The Tyranny of Bad Definitions

Posted on by Baron Bodissey

Below is the intervention read by Elisabeth Sabaditsch-Wolff, representing Bürgerbewegung Pax Europa at the OSCE Human Dimension Implementation Meeting, Session 13 “Combating Hate Crimes and Ensuring Effective Protection and against Discrimination”, Warsaw, September 29, 2015.

Intervention by Bürgerbewegung Pax Europa

OSCE Human Dimension Implementation Meeting

Working Session 13

Specifically Selected Topic: Combating Hate Crimes and Ensuring Effective Protection and against Discrimination

The Tyranny of Bad Definitions

When working with topics as basic as fundamental freedoms, freedoms currently under attack using the concept of “hate crime”, it should be self-evident that one needs to apply very high standards of precision, caution and democratic principles. Failing that, the powerful tools of international law and human rights instruments can potentially fall prey to hostile intent and misuse.

Overly broad or purposefully vague definitions lend themselves to misuse by enemies of free, secular societies, as has historically been the case previously in non-democratic societies. Possibly the best-known example of this is the term “Enemy of the working class”, used by the Soviet Union to discredit, stigmatize and persecute the critics of a fundamentally broken system. As long as the Soviet system had moral authority, this strategy worked. When the system was exposed, it failed.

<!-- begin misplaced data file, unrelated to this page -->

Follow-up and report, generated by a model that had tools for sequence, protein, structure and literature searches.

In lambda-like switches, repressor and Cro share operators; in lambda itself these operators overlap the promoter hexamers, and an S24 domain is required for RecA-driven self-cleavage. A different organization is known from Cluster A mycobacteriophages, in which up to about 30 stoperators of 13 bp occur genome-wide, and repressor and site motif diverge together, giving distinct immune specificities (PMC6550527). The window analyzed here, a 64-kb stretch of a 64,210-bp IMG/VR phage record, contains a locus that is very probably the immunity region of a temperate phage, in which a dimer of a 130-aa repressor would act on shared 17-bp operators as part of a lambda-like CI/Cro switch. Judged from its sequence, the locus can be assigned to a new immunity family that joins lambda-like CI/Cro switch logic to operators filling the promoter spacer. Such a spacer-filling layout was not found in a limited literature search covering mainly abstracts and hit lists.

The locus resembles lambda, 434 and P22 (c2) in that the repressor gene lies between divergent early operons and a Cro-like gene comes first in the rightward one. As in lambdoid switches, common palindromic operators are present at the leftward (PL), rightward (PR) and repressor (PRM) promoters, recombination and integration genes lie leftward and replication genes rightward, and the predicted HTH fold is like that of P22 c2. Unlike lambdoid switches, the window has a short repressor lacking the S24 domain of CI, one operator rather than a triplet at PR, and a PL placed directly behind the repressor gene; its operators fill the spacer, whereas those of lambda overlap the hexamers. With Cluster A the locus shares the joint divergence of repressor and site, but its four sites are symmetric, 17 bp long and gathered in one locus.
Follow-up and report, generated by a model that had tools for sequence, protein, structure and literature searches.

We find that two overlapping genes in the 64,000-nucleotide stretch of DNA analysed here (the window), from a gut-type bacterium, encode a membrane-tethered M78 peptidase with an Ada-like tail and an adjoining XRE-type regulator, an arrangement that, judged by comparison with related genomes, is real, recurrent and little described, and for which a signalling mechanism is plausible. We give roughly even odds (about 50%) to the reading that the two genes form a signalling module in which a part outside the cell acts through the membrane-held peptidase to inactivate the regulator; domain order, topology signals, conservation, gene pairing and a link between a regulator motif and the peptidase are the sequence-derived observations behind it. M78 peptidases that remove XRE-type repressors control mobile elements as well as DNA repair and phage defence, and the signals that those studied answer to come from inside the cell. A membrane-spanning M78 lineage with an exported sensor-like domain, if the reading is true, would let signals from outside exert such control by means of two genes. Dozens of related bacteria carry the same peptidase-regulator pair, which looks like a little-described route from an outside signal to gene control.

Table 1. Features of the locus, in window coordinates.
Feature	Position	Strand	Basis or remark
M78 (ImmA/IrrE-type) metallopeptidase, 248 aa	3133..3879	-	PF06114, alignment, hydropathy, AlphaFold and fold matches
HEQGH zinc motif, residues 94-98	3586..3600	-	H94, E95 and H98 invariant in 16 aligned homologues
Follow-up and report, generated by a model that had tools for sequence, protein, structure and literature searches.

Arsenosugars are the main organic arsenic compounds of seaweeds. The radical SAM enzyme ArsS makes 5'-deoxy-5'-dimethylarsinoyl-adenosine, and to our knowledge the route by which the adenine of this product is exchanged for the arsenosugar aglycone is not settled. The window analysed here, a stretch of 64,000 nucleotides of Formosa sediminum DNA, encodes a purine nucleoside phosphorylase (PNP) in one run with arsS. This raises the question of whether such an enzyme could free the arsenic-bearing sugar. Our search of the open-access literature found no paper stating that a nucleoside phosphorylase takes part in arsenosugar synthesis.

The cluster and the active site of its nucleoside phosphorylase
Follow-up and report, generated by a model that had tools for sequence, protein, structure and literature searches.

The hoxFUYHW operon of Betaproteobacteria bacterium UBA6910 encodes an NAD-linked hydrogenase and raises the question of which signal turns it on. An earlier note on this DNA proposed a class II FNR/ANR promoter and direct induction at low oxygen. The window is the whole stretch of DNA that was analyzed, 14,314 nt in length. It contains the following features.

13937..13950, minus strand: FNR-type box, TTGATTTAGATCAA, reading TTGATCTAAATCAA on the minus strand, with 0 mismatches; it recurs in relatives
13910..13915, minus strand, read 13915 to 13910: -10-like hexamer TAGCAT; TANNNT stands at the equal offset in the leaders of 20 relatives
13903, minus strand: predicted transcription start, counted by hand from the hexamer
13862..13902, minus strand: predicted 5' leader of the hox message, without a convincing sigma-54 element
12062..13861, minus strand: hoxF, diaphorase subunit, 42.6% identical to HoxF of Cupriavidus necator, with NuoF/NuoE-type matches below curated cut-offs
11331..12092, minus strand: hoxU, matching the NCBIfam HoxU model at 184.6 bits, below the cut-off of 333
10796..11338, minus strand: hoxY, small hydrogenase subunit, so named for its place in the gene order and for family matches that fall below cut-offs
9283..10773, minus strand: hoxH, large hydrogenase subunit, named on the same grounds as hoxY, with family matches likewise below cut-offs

This strategy was successful until the system lost moral authority and was exposed.

In order to promote the genuine rule of law, democracy and freedom, the tools of international law require clear definitions and clear limits to the power that authorities hold over non-criminal citizens. In case of doubt, it is best to err on the side of caution — that is, on the side of less control, restriction and punishment, and in particular to uphold the principle of innocent until proven guilty.

Unclear definitions can be misused by governments and other institution of power to repress, marginalize and stigmatize inconvenient persons, their opinions, or even the topics they intend to discuss. Good laws and guidelines protect against such attacks on freedom of expression and media. Bad (usually overly broad) laws will be used by enemies of freedom to further their goals.

We need to be able to recognize and counter such problems and strategies today, as we were able to previously.

Ladies and gentlemen, seeking to control the details of how citizens may or may not act or express themselves cannot constitute the Rule of Law, cannot constitute freedom. It is our old enemy: Tyranny.

Bürgerbewegung Pax Europa therefore recommends:

  • That definitions of terms used in OSCE documents always be provided, possibly by reference.
  • That terms with overly broad or unclear definitions should not be used in OSCE documents, also in order to secure that well-meaning decisions cannot be exploited by enemies of free societies.
  • That care be taken to not incite a mob mentality through the use of poorly defined terms.
  • That the Rule of Law principle of “innocent until proven guilty” be kept in mind and applied.

For links to previous articles about the Organization for Security and Cooperation in Europe, see the OSCE Archives.

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